The Deep by Kyle Perry

Not far from Hobart, above the highest sea cliffs in the southern hemisphere, lies Shacktown: abalone town, holiday destination, and home to the Dempsey family, who run the entire place – whether people realise it or not. Ahab and Mack are Dempsey cousins, both trying to move away from the grip of the family and its illegal dealings and into some semblance of a straight life. When 13-year- old Forest Dempsey – missing for seven years – washes up alive on the beach with an ominous message etched into his back, Ahab and Mack are drawn back into the family’s grip. When the Black Wind blows, the sea is dangerous, but not all danger is in the water. This thriller will hook you in – so prepare to be caught in the rip.


A Voice in the Night by Sarah Hawthorn

Lucie is a newcomer to London, working as a lawyer and concentrating all her energies on her career. Her fresh life is thrown into unease with the arrival of a letter: ‘At last I’ve found you. A shock, I’m sure. But in time, I’ll explain. Martin.’ Martin was a lover from 20 years ago – who died in the 9/11 attacks. She can’t believe it’s him, but gifts arrive, and even phone calls with that voice she’s missed so much for so long. But how could it be Martin, after all this time? Sarah Hawthorn’s debut book is a sexy, seductive slow burn of psychological suspense.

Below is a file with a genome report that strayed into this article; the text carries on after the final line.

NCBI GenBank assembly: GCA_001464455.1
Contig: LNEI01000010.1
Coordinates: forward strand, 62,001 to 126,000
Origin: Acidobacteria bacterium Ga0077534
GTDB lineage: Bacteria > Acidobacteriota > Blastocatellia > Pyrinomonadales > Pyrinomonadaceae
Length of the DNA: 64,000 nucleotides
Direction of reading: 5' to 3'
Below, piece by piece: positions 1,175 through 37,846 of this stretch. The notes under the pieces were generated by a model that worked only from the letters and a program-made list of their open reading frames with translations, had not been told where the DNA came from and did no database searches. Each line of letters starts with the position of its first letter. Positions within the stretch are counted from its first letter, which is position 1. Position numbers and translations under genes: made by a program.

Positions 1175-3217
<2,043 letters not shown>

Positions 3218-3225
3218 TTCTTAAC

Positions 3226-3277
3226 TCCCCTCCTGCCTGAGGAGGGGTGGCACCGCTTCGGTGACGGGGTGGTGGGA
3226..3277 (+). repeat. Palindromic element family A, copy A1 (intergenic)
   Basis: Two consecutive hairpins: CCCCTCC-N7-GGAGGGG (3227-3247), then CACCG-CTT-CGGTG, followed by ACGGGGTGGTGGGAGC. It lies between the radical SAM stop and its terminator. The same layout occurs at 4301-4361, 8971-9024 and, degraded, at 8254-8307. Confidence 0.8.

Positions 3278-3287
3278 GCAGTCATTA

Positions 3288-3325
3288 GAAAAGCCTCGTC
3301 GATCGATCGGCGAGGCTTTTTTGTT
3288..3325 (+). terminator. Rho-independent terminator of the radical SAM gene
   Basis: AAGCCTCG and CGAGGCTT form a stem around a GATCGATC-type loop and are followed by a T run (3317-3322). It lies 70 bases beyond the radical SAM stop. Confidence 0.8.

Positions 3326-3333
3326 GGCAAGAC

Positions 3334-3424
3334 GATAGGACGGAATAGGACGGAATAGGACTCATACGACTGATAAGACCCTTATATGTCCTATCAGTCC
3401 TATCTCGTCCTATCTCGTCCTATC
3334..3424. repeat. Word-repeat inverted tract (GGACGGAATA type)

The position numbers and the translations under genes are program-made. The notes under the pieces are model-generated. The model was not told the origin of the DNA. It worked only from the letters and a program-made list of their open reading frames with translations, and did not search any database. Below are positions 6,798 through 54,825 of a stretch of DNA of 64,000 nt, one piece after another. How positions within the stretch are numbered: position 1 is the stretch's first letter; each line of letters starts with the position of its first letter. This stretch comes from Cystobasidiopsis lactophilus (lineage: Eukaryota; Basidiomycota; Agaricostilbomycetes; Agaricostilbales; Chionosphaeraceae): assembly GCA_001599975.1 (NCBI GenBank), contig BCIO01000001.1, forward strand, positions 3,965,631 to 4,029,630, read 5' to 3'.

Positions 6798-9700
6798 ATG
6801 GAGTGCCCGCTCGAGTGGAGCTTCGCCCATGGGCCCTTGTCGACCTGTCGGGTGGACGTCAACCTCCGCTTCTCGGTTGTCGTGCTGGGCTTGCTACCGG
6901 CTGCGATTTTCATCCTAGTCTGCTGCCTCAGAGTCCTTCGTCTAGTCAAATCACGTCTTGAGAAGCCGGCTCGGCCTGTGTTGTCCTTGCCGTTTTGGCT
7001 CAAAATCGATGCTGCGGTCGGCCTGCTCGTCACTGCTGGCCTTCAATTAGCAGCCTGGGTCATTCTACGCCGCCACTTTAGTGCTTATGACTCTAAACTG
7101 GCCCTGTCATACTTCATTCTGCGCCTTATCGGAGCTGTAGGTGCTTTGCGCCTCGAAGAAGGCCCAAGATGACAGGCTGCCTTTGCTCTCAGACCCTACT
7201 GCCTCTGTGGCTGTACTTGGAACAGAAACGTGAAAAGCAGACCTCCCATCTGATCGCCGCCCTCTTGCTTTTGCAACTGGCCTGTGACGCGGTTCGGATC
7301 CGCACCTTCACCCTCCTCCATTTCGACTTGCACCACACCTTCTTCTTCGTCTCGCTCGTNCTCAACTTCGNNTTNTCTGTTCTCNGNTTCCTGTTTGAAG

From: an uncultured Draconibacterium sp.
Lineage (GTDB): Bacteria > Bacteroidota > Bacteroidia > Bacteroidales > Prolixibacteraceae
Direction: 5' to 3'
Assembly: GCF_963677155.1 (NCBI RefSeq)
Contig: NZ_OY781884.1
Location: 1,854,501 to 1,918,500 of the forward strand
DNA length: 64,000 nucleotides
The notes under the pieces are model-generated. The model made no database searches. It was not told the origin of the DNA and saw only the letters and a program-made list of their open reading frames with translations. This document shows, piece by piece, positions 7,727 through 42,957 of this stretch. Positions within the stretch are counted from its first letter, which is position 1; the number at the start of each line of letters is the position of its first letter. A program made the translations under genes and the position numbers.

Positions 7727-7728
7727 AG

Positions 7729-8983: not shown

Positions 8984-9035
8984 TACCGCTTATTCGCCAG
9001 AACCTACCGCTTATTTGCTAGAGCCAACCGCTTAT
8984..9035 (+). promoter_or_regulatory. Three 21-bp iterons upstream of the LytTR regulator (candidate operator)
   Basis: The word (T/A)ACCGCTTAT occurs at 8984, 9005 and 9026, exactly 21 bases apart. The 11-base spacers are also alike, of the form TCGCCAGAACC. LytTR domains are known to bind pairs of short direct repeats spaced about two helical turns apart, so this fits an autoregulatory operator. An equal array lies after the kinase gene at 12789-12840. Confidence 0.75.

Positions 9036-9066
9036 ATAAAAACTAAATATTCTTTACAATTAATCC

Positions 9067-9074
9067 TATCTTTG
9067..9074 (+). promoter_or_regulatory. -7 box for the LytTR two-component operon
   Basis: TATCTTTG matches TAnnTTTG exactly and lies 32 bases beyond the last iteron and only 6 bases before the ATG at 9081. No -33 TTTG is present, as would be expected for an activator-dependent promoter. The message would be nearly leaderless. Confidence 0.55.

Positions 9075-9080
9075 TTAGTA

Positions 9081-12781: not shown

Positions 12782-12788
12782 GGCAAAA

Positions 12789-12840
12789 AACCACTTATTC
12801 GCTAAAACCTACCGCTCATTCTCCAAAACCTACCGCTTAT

The Tribute by John Byron

Sometimes, when you’re reading a book, it takes a while to sense something else is sneaking up on you in its pages. There’s a slow release of information that makes you realise you’ve begun a book thinking it’s one kind of story, and been skilfully manipulated into reading another. The Tribute is this kind of book: opening as a police procedural centred on Sydney homicide detective David Murphy, who leads the case of an exceptionally gruesome murder where the killer took a leisurely weekend to whittle a human body down to bones and cartilage. After a second murder focuses on the victim’s muscles, the police bring on the expertise of Jo Murphy, an art historian – and the detective’s sister. Featuring historical dissection texts, this is no mainstream procedural, and the characters bursting out of these pages have more to them than you could ever guess. This is no ordinary crime book, and there are no ordinary people in this extraordinary read.


Girl One by Sara Flannery Murphy